While 5E-15 is close enough to zero for many applications, it is not if you are testing for zero. in fact, that's how I first encountered this problem. I had given a client a large Q&A 4.0 data base to enter assessment district payments into, but there way no way to lock the assessment amounts I had calculated in SuperCalc 5.0 for transfer to the database. So, when I pulled his data from Q&A 4.0 back to SuperCalc 5.0, I added an error check column to my spreadsheet. Exactly one of the 653 assessments returned a non-zero amount. Not all problems of the type I started this message with return a non-zero result, but many do.

The short-term solution is to include rounding at strategic points in your calculation. The long-term solution is to add the tests for arithmetic reasonableness to the IEEE floating point standard…an opinion for which I was once savagely flamed on the HPMuseum forums by some electrical engineers. The other solution (as I am told) would be use binary coded decimal arithmetic, but I doubt that will ever happen.

So, what are the tests for reasonableness? They are this:
For addition and subtraction, the number of decimal places in the result cannot exceed the number of decimal places in the operand with the most decimal places.
For multiplication, the number of decimal places in the result cannot exceed the sum of the number of decimal places in the two operands.
For division, you are on your own.
Fred

==========
"Is it the only lesson of history that mankind is unteachable?"
--Winston S. Churchill

### RE: Very simple matrix, very wrong answer

When I learnt computer programming back in my youth, I was taught that when you test for zero in floating point maths, you don't test for absolute equality:

IF ( X == 0 ) THEN ...

Rather, you perform a "rounded" test such as:

IF ( ABS(X) < 1E-10 ) THEN ...

Whether you use E-10 or E-15 or whatever depends on the nature of the computations you are undertaking, and whether you are using single or double or extended precision, etc. (E.g. if you are comparing wavelengths of gamma radiation, you would need to use a test that is much less than 1E-10 metres!)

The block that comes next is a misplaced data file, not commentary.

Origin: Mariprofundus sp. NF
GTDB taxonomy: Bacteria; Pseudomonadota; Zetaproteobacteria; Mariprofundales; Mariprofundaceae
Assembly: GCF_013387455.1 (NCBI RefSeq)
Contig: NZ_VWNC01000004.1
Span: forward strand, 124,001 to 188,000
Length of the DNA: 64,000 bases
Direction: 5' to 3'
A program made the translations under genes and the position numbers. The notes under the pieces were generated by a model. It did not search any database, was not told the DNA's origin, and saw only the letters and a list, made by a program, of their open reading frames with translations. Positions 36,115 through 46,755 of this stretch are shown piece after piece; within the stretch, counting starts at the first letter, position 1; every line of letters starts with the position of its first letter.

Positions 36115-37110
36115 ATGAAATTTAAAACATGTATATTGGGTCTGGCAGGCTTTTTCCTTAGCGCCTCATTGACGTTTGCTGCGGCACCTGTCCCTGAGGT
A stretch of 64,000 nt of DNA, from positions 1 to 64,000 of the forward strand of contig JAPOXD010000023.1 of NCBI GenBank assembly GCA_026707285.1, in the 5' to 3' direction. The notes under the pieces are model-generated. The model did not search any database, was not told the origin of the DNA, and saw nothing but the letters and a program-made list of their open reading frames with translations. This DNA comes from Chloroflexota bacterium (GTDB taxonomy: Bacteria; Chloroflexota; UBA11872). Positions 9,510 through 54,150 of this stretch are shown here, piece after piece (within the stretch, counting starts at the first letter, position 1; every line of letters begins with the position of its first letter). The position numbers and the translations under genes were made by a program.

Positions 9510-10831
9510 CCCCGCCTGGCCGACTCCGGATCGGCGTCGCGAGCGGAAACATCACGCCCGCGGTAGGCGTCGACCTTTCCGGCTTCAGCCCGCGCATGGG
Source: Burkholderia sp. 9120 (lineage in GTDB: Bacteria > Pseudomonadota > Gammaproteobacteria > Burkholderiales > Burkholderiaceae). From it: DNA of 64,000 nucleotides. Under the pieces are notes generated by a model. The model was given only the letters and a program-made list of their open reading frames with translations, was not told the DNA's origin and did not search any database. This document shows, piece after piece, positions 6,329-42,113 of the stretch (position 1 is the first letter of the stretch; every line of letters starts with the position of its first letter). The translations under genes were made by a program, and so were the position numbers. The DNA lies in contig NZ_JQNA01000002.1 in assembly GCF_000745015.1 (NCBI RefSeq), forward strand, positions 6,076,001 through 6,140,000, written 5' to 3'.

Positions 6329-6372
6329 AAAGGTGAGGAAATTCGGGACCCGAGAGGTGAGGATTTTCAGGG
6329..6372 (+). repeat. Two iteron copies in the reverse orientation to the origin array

If you know the order of magnitude of the numbers you expect to see, and can define a sensible "smallest non-zero number", you can factor that into your test:

IF ( ABS(X) / SMALLEST_NON_ZERO < 1E-3 ) THEN ...

### RE: Very simple matrix, very wrong answer

"All eleven of my HP calculators give the correct answer of exactly zero.

That's because most calculators use binary coded decimal (BCD), which is probably an outcome of the fact that modern calculators came from adding machines used to calculate monetary quantities, which require exact decimal representations. Users for such calculators still expect to be able to calculate money amounts, and still require BCD.

http://speleotrove.com/decimal/decifaq3.html#calcs

TTFN
I can do absolutely anything. I'm an expert!
FAQ731-376: Eng-Tips.com Forum Policies forum1529: Translation Assistance for Engineers

### RE: Very simple matrix, very wrong answer

Choose Format|Result|Tolerance and set the Zero threshold to 14.
Now 100-99.99-.01 = 0

### RE: Very simple matrix, very wrong answer

wxMaxima returns exactly 0 even if I enter all the numbers as floating point numbers.

/* [wxMaxima: input start ] */
M:matrix([2,3,4],[1,-2,3],[3,1,7]);
determinant(M);
/* [wxMaxima: input end ] */

wxMaxima is superior to Mathcad when solving symbolic problems.

Peter Nachtwey
Delta Computer Systems
http://www.deltamotion.com

### RE: Very simple matrix, very wrong answer

#### Quote (pnachtwey)

PNachtwey (Electrical) 1 Oct 15 16:15

wxMaxima returns exactly 0 even if I enter all the numbers as floating point numbers.

/* [wxMaxima: input start ] */
M:matrix([2,3,4],[1,-2,3],[3,1,7]);
determinant(M);
/* [wxMaxima: input end ] */

Interestingly, Mathcad 15 M040 (the latest release) also gives exactly 0 for both integer and floating-point and for both numeric and symbolic processors.

#### Quote:

wxMaxima is superior to Mathcad when solving symbolic problems.

Yes. But Mathcad is adequate for many cases. It would be better if they ditched the limited version of Matlab's symbolic processor (originally MuPad) and went for their own (eg, a branch of Maxima or one of the other open source symbolic libraries that permit commercial licencing)

### RE: Very simple matrix, very wrong answer

You can also force it to round down to the closes chosen decimal point by using Floor().
Format|Result|Tolerance will only hide the leftover values. But using floor actually will define it as a new number to be used later (Same as in excel)

Floor(0.99,0.1) will f.ex return 0.9

[New variable]:Floor(|M|,10^-14)=0

This is of course cheating. But is quick, easy and works.

I encountered a similar problem while adding units to a value.
Did you know that 100mm+200mm=300.00000000000006mm?
The peeps at the PTCcommunity gave me a wall of info on the subject
https://www.ptcusercommunity.com/message/406124